Legalism, by the way, is when Christian fundamentalists place the Old Testament teachings referred to as the Law of Moses in a higher position than gospel teachings, requiring adherents to follow strict guidelines in how they live their lives.

And, specifically, legalism is the term applied to beliefs that place obedience to strict laws regarding lifestyle as seemingly more important than the usual accept-Jesus-as-your-savior method of attaining salvation described in the New Testament.

So, if her focus is on the New Testament (which, though I’m not going to tell anyone how to practice their faith, makes sense coming from a Christian), then yeah, legalism is the opposite of everything her beliefs stand for.

It ties into that Jeremy Vuolo quote about how he doesn’t believe that God saves people’s souls in order to make them wear skirts.

InTouch Weekly interviewed a former IBLP member, Rebecca Ishum, who describes exactly what it’s like within that fringe organization.

“I was conditioned to believe anything that anyone in authority told me without question.”

Scary, but standard for fringe organizations often characterized as cults.

“Because of that, I internalized all of the teachings and brought them back home with me. So, for example, there are a lot of physical requirements with IBLP.”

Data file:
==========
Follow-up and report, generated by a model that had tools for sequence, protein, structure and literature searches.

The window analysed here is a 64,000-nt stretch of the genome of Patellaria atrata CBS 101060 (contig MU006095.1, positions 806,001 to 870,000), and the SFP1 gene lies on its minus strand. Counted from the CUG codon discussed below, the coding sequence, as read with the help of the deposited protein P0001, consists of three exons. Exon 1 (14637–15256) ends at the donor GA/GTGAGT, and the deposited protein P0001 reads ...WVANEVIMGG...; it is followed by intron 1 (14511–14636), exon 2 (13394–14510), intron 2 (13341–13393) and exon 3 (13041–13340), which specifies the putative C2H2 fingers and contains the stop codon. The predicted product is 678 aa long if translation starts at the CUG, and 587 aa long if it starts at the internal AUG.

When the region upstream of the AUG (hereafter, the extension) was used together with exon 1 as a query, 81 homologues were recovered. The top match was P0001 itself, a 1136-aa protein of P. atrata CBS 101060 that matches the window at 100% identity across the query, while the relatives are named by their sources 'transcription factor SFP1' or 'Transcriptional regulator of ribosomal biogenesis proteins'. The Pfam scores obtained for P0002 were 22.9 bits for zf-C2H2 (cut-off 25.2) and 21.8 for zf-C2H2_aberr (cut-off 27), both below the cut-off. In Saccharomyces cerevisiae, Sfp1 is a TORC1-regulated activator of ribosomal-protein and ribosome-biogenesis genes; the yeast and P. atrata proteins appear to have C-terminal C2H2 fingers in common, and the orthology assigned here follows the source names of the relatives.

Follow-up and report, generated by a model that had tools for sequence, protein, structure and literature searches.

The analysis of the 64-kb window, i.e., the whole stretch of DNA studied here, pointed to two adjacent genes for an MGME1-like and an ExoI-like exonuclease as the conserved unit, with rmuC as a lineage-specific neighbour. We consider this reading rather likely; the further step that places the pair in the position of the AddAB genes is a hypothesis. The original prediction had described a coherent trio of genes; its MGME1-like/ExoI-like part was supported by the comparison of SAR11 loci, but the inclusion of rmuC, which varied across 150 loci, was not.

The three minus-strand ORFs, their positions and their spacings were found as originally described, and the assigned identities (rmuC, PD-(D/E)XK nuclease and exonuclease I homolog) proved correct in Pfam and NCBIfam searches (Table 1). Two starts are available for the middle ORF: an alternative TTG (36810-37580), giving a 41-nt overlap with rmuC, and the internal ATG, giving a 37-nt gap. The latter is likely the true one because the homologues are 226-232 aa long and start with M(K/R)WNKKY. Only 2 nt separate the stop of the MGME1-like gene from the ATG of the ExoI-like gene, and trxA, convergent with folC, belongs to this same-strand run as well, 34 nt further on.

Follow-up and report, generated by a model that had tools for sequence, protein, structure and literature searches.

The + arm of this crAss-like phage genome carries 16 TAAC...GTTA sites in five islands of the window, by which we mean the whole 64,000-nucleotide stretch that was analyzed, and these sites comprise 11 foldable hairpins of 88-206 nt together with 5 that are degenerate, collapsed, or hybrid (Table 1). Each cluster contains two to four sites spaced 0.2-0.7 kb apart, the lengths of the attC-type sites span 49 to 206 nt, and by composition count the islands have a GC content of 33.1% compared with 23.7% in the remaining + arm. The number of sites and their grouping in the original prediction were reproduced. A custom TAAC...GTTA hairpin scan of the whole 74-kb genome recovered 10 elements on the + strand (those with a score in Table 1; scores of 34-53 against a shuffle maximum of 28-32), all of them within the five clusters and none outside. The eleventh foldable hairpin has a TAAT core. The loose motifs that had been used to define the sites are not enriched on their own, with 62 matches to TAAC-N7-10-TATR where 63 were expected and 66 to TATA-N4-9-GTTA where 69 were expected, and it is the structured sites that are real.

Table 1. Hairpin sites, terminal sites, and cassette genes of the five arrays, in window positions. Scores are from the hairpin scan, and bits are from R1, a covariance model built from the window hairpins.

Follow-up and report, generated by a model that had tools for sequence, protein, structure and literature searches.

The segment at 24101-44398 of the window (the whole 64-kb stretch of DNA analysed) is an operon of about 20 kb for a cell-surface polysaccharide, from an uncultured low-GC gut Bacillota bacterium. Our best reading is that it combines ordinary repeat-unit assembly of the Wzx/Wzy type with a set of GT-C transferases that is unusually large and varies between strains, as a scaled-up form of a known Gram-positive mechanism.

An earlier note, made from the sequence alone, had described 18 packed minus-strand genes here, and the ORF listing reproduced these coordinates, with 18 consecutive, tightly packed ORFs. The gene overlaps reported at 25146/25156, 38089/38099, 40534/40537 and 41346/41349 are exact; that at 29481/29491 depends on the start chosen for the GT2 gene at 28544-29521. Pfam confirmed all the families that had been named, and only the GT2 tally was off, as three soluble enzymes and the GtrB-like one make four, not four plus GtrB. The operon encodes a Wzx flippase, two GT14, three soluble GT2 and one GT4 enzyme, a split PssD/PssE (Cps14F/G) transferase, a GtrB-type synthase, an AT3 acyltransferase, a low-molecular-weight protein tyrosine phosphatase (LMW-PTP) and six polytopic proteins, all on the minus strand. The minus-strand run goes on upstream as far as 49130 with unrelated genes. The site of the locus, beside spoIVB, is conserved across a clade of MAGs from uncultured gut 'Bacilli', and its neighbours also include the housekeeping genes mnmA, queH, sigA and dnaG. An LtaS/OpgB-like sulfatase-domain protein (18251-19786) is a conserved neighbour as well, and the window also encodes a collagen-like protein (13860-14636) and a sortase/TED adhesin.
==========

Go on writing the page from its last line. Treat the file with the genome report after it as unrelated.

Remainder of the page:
Most religious folks would say that that spiritual requirements are the priority, but it’s not so for IBLP.

“The physical requirements weren’t enforced to that degree at home (I wore shorts as a kid), but by the time I got home from my time in the training center, I was wearing skirts all of the time because I had been told that I was immodest otherwise, and I didn’t want to cause myself to be raped.”

Whoa!

“There is a lot of victim- and women-blaming in that cult.”

We’re glad that Amy Duggar got out and is living her best life, especially after her rough childhood. We just wish that we could say the same for literally every other Duggar daughter trapped in this dangerous cult, most of the sons, and every other member of the IBLP.